FAIRBANKS — Two fires broke out within the space of about 30 minutes Saturday afternoon along the Steese Highway. One torched the landmark Gold Dredge No. 3, across the highway from the Chatanika Lodge, but was contained to the dredge.

Another, at about 47 Mile, spread to about 30 acres and led to traffic restrictions on the Steese Highway. As of press time, firefighters were increasingly confident this fire also would be contained.

Ruby Fire

The Alaska Fire Service first mobilized on the Steese Highway about 3:30 p.m. for a report of a fire at Gold Dredge No. 3 at 29 Mile, said Jim Schwarber at the Alaska Division of Forestry.

The fire, named the Ruby Fire, did not develop into a wildfire, though because of high winds, Chatanika Lodge owner Shirley Franklin said she worried it would spread across the highway and threaten the lodge.

They found out about the fire when two men came into the lodge to say they accidentally started a fire by pulling on a pulley that apparently caused a spark, Franklin said.

Charles Russell, a cook and maintenance worker at the lodge, grabbed a 5-gallon bucket of water when the men came into the lodge to raise the alarm about the fire.  

“They (said they) grabbed the pulley system and spinned it once, and it just kept spinning on its own,” Russell said.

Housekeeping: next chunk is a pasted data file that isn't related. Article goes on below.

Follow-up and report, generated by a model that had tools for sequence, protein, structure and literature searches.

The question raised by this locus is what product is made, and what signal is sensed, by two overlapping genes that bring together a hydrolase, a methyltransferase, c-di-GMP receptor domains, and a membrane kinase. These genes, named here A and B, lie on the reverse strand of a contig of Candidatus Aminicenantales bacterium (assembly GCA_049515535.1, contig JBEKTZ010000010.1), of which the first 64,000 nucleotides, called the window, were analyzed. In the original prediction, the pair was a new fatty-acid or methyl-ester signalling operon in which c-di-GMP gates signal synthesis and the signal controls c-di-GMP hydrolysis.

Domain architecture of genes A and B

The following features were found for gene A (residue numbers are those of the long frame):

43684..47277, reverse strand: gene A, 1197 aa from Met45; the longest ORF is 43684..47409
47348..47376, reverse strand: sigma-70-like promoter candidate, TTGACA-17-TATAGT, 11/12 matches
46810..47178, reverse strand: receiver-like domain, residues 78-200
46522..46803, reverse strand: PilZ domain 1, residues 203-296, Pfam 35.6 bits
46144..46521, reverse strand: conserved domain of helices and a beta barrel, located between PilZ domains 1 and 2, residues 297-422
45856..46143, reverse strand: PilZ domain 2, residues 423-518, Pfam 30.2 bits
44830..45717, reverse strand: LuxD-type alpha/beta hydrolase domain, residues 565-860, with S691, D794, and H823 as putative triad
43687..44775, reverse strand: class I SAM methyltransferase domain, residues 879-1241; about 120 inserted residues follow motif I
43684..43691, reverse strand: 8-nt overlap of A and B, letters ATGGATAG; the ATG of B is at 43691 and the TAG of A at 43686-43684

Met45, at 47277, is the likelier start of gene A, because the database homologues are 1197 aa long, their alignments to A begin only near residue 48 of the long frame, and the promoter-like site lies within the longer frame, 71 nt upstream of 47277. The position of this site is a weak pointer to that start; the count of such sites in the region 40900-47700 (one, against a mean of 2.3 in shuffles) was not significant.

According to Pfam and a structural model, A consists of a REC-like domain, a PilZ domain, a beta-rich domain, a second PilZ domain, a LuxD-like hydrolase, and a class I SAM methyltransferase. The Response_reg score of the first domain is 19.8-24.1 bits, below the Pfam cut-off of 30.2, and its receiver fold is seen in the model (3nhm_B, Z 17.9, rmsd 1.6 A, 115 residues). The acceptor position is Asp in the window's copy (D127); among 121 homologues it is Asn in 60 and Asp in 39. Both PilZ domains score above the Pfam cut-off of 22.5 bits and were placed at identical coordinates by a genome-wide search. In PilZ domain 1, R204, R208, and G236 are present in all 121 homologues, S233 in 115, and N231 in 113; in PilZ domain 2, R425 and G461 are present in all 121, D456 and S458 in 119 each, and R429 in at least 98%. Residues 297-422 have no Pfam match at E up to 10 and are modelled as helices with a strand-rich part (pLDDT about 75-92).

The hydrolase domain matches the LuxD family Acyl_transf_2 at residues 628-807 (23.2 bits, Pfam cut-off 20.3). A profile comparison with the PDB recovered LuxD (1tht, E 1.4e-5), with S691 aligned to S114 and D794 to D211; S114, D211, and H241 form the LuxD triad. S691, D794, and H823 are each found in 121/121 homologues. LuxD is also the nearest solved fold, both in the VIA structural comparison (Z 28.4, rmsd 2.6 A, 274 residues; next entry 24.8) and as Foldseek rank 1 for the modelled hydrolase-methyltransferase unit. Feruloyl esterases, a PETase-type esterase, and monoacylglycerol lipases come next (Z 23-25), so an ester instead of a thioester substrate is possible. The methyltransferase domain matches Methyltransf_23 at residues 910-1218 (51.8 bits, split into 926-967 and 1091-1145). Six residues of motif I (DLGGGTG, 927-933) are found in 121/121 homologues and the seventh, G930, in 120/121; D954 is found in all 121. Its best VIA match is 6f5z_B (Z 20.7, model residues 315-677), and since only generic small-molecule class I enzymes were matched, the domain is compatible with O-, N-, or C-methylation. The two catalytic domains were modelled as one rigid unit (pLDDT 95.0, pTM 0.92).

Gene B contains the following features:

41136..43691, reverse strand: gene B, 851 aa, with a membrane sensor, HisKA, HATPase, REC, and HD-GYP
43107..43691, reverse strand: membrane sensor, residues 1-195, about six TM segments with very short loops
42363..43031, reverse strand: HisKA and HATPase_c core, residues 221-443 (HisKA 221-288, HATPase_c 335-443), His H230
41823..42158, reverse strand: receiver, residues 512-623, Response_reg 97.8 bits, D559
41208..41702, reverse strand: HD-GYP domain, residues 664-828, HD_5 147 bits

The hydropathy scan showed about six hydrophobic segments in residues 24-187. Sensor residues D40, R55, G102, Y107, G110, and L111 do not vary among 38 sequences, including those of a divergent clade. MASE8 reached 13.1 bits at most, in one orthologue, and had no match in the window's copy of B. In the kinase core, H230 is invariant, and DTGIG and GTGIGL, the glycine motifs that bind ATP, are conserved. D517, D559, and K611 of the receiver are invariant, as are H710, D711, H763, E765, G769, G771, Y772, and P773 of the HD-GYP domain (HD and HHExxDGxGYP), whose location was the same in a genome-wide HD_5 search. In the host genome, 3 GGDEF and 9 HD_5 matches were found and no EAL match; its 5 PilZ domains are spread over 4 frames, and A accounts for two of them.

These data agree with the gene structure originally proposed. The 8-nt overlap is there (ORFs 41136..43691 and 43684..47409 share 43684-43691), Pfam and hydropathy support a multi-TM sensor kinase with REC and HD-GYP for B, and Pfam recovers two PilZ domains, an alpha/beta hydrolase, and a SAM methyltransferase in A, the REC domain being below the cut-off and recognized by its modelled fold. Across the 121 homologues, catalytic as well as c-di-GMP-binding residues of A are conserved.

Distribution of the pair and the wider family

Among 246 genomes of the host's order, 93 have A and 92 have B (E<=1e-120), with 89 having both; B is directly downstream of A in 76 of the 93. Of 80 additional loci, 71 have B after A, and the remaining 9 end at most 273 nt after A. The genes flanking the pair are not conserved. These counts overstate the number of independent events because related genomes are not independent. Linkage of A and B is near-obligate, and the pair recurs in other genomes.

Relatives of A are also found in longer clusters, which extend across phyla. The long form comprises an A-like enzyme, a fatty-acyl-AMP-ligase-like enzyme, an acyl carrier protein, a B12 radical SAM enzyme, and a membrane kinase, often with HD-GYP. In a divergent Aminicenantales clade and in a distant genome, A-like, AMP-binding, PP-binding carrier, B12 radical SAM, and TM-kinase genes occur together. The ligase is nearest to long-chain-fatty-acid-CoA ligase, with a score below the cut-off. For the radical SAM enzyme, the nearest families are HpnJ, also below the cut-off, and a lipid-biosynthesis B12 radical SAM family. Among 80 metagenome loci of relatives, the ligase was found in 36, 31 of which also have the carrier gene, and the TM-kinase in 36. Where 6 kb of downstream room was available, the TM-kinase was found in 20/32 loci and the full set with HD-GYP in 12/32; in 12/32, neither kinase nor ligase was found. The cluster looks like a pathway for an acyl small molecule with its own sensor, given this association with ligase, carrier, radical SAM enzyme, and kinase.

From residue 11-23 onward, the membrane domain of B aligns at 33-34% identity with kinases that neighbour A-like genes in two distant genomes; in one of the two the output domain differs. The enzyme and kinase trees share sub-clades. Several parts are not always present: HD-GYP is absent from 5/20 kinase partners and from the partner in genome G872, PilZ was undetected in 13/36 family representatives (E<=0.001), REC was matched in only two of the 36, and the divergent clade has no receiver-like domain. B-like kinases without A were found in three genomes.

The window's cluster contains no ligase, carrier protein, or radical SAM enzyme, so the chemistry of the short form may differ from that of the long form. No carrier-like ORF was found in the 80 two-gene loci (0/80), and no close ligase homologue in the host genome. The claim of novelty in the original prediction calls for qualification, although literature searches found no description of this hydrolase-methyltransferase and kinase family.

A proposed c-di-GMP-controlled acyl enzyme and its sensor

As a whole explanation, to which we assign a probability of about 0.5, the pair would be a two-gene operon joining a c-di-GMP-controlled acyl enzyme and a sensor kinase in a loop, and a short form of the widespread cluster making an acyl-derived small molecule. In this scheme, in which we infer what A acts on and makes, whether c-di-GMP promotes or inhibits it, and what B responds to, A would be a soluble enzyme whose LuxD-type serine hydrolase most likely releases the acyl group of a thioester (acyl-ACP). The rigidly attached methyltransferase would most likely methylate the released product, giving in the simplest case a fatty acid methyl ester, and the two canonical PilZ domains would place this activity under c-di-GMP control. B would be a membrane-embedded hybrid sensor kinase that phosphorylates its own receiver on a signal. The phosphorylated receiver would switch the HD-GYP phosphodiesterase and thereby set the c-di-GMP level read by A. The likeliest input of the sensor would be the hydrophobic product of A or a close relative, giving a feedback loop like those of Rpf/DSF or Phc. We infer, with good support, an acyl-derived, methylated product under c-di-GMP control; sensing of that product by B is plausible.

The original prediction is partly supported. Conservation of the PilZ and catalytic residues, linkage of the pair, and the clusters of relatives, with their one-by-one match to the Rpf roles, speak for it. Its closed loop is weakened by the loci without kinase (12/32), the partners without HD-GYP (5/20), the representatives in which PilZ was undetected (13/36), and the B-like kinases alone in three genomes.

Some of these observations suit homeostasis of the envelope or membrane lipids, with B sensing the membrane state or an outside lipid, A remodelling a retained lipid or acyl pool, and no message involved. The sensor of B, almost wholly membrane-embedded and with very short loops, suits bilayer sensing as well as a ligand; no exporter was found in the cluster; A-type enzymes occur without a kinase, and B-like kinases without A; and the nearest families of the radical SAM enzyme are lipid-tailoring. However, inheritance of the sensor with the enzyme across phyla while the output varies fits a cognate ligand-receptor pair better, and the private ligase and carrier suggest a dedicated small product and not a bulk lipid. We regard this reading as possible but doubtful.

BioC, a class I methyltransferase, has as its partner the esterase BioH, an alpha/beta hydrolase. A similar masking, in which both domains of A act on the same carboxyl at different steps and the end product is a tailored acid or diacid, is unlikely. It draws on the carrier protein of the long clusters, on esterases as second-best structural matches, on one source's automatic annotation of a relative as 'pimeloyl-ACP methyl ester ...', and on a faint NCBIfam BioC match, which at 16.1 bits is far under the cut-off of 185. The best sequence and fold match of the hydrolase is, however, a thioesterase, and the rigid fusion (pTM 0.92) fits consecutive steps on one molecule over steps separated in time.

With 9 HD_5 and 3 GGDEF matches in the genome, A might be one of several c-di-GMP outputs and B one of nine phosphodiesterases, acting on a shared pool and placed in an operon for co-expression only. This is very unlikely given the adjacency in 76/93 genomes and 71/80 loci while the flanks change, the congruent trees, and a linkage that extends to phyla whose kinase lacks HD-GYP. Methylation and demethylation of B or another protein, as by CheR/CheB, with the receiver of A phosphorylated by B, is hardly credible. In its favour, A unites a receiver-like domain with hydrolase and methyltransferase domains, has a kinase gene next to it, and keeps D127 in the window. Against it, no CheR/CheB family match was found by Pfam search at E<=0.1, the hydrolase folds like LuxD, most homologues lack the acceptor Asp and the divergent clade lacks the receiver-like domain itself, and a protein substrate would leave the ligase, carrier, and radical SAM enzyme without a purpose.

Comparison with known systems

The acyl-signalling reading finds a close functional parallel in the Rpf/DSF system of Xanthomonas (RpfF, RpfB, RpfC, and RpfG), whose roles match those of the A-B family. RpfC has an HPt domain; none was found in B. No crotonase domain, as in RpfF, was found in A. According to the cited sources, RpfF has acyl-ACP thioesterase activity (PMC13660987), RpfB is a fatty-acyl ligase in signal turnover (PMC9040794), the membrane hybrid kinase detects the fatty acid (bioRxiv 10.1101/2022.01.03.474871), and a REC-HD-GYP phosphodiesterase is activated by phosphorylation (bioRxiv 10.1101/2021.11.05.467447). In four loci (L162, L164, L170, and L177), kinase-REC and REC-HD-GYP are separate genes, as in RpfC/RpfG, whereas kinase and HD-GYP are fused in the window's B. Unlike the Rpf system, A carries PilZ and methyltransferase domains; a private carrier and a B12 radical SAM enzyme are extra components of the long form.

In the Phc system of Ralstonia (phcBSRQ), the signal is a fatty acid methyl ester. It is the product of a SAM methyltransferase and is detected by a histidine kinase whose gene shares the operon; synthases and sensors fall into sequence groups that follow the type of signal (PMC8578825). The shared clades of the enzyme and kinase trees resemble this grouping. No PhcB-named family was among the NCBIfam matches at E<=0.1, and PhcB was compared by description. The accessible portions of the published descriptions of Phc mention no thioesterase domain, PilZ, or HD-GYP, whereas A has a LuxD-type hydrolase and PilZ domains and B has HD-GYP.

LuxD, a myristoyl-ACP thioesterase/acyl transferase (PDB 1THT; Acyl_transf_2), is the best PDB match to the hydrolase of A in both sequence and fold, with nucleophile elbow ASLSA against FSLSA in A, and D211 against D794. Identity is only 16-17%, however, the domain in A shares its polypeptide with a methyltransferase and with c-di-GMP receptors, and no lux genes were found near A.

“They grabbed their water bottles that they had on them and tried to put it out and then they ran over to us, but by the time we went over there, it was (too far) gone.”

The Alaska Fire Service has not confirmed the cause of the fire, except that it was not lightning started.

Gold Dredge No. 3 is one of about 10 remaining mammoth placer mining machines in Interior Alaska. It was owned by the Fairbanks Exploration Company and began operating in 1935. It is privately owned.

The wooden parts of the dredge smoldered into the evening.

Long Creek Fire

About 4 p.m., a second Steese Highway fire was reported about 20 miles east of the gold dredge. The fire quickly spread to about 30 acres on the north side of the highway, near 47 Mile and threatened homes in the Riverview Subdivision, a community of about a dozen people between 46.5 and 48 Mile.

As of about 8:30 p.m. Saturday, Schwarber with the fire service said the acreage still was about 30 acres and firefighters could say “with a high degree of confidence” that they would be able to contain the fire by this morning. He said he had not heard any reports of any structures lost to the fire. This fire was named the Long Creek Fire, and a fire command post was set up at the Long Creek Trading Post at 45 Mile.

When the fire approached, area resident Andrea Wickline left her home to take dogs to a friend around 30 Mile before continuing on to the Chatanika Lodge to use the Internet. She said she hadn’t heard of any structures lost and said as far as she knew everyone is safe.

When she left, it wasn't easy to tell which way the fire was moving.

“The wind is just going in circles up there,” she said.

Area residents are well aware of the destructive power of wildfires, she said. The Boundary Fire, a major blaze in 2004, came through the area.  

Contact staff writer Sam Friedman at 459-7545. Follow him on Twitter, @FDNMcrime.